serious about this, but I'm not ready to go that far :)

Of course, reaching a wider audience doesn't automatically mean moolah for
the authors, but it can't hurt.


Lucian Paul Smith

unread,
Dec 22, 2000, 3:19:05 AM12/22/00
to
<random thought>

I wonder if we could get CheapAss Games to market IF?

At the very least, someone interested in making money off of IF on a
corporate level should examine their business model.

</random thought>

-Lucian

Edward Lineberry

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Dec 22, 2000, 5:14:10 AM12/22/00
to

<wo...@one.net> wrote in message
news:asj54touropt03r35...@4ax.com...

> jim_b...@my-deja.com wrote:
>
> >I've looked at some IF stories. Many are very good. Why don't readers
> >want to pay?
> >
> >Is it because readers expect them to be free? Is it because many
> >authors give their work away, thereby eliminating a market?
>
> I'm afraid IF's time as a commercial entity has passed. To be brutally
> honest, IF is a historical curiousity, on par with the
> ship-in-a-bottle.
>
> IF is a labor of love, created by a dedicated few, and appreciated by
> (relatively) no one. I once heard a statistic float around here that
> there were only 20,000 people *world-wide* that were interested in IF.
>

Though I tend to agree that there is little opportunity for wealth, there
may yet be a market to make some small amount of money to encourage
developers to continue. There is virtually no way to make a living writing
short stories today. Think of all the great short story writers of the 20th
Century. They either wrote novels, had day jobs, or both; but the income
from their stories and their collected stories provided some degree of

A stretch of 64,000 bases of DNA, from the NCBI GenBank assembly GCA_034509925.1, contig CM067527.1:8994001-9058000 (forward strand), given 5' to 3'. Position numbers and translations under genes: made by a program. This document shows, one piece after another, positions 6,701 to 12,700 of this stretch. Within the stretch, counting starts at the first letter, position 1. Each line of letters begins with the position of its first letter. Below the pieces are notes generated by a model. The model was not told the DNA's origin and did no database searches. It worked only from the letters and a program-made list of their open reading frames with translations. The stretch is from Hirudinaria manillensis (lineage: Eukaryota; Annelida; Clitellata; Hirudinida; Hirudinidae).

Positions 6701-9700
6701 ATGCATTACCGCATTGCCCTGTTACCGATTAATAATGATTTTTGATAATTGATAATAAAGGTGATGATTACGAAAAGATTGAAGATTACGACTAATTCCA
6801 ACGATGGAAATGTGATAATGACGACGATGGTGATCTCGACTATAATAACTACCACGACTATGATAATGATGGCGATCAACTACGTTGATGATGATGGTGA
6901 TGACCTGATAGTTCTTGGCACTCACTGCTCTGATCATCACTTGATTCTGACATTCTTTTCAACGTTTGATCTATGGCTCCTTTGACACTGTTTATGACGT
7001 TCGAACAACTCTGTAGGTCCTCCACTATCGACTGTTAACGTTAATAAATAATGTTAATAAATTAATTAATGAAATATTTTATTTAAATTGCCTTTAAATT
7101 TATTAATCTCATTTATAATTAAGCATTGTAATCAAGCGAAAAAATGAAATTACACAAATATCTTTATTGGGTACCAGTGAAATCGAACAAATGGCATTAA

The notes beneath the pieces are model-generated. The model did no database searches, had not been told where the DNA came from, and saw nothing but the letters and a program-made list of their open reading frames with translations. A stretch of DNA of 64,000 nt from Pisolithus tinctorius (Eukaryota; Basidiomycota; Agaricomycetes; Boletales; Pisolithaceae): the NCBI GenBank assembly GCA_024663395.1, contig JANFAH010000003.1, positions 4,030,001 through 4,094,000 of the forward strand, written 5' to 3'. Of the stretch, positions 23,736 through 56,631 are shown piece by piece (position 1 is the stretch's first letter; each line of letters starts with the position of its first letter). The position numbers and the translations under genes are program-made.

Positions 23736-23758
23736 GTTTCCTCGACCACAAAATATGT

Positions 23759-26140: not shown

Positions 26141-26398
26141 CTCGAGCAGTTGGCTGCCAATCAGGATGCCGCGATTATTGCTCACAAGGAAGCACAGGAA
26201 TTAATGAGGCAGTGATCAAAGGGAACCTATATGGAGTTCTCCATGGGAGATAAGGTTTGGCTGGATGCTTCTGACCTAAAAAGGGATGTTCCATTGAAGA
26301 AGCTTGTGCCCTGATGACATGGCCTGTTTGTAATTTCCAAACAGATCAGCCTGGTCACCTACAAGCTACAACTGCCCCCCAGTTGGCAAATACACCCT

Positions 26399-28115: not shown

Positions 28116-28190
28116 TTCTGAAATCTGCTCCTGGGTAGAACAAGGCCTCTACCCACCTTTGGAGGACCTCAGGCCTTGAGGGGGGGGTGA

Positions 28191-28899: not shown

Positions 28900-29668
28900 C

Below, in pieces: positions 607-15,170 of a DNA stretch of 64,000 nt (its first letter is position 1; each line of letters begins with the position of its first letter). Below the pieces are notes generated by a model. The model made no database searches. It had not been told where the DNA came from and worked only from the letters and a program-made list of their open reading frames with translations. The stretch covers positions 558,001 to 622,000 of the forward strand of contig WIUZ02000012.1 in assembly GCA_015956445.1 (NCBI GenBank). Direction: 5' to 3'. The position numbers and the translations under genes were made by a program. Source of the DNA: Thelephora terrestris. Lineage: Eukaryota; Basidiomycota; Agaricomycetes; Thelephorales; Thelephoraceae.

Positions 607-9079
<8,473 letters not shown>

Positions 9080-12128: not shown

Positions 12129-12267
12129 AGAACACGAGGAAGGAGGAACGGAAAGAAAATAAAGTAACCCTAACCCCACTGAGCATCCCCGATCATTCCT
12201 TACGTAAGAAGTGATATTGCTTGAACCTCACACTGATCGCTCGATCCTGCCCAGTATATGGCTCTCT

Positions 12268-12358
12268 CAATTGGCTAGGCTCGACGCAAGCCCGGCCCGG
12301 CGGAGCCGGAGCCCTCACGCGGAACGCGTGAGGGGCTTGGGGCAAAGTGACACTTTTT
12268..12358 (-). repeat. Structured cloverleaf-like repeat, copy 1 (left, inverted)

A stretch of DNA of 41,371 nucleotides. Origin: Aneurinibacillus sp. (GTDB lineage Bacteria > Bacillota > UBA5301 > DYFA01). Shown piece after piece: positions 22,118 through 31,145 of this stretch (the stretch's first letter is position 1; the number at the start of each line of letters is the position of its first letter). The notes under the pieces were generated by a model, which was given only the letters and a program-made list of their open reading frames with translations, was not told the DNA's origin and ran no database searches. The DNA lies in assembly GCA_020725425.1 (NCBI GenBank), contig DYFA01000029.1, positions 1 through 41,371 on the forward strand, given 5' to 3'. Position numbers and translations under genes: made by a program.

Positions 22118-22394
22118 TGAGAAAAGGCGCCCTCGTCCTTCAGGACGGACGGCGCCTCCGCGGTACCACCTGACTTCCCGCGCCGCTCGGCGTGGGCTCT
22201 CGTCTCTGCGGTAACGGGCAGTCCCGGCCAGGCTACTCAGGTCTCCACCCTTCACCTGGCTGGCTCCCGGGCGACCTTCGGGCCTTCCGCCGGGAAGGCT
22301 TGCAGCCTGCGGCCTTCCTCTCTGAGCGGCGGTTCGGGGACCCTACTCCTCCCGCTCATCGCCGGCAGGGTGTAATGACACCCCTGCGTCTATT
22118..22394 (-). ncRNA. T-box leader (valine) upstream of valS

compensation.

> With that small an audience, dreams of wealth are, I fear, misplaced.
> Especially with the strong tradition that IF-related works are free.
> TADS used to have a price, then the author chose to give it away. If
> an IF bedrock like TADS is free, why would anyone pay for a game
> created from it?
>

Most people in the IF world seem to be interested in creating as well as
consuming, but only a few have the capacity to create top quality games. I
think people are willing to pay for those games.

Magnus Olsson

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Dec 22, 2000, 5:55:45 AM12/22/00
to
In article <20001221233230...@ng-cs1.aol.com>,

Hmmm - an IF dating agency? :-)


--
Magnus Olsson (m...@df.lth.se, m...@pobox.com)
------ http://www.pobox.com/~mol ------

Matthew T. Russotto

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Dec 22, 2000, 10:02:10 AM12/22/00
to
In article <3A42C3...@adamcadre.ac>,

Adam Cadre <re...@adamcadre.ac> wrote:
}Ian Finley wrote:
}> Babel has been on download.com and AOL for some time and, if their
}> counts are accurate, has been downloaded around 100,000 times. Now,
}> this alone is MORE than enough compensation for me [...]
}
}And the fact that one of those 100,000 who grabbed Babel off of
}download.com was motivated to check out the IF community and eventually
}became my sweetie is more than enough compensation for ME. (Thanks,
}Ian!)

You mean there really are IF groupies?????

--
Matthew T. Russotto russ...@pond.com
"Extremism in defense of liberty is no vice, and moderation in pursuit
of justice is no virtue."

Stephen Granade

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Dec 22, 2000, 11:38:37 AM12/22/00
to
wo...@one.net writes:

> jim_b...@my-deja.com wrote:
>
> >I've looked at some IF stories. Many are very good. Why don't readers
> >want to pay?
> >
> >Is it because readers expect them to be free? Is it because many
> >authors give their work away, thereby eliminating a market?
>
> I'm afraid IF's time as a commercial entity has passed. To be brutally
> honest, IF is a historical curiousity, on par with the
> ship-in-a-bottle.

Interactive fiction *as it stands now*. The *newsgroup-based*
community.

The text nature isn't the main problem. People pay to play text MUDs.

And the current IF community based around these newsgroups isn't the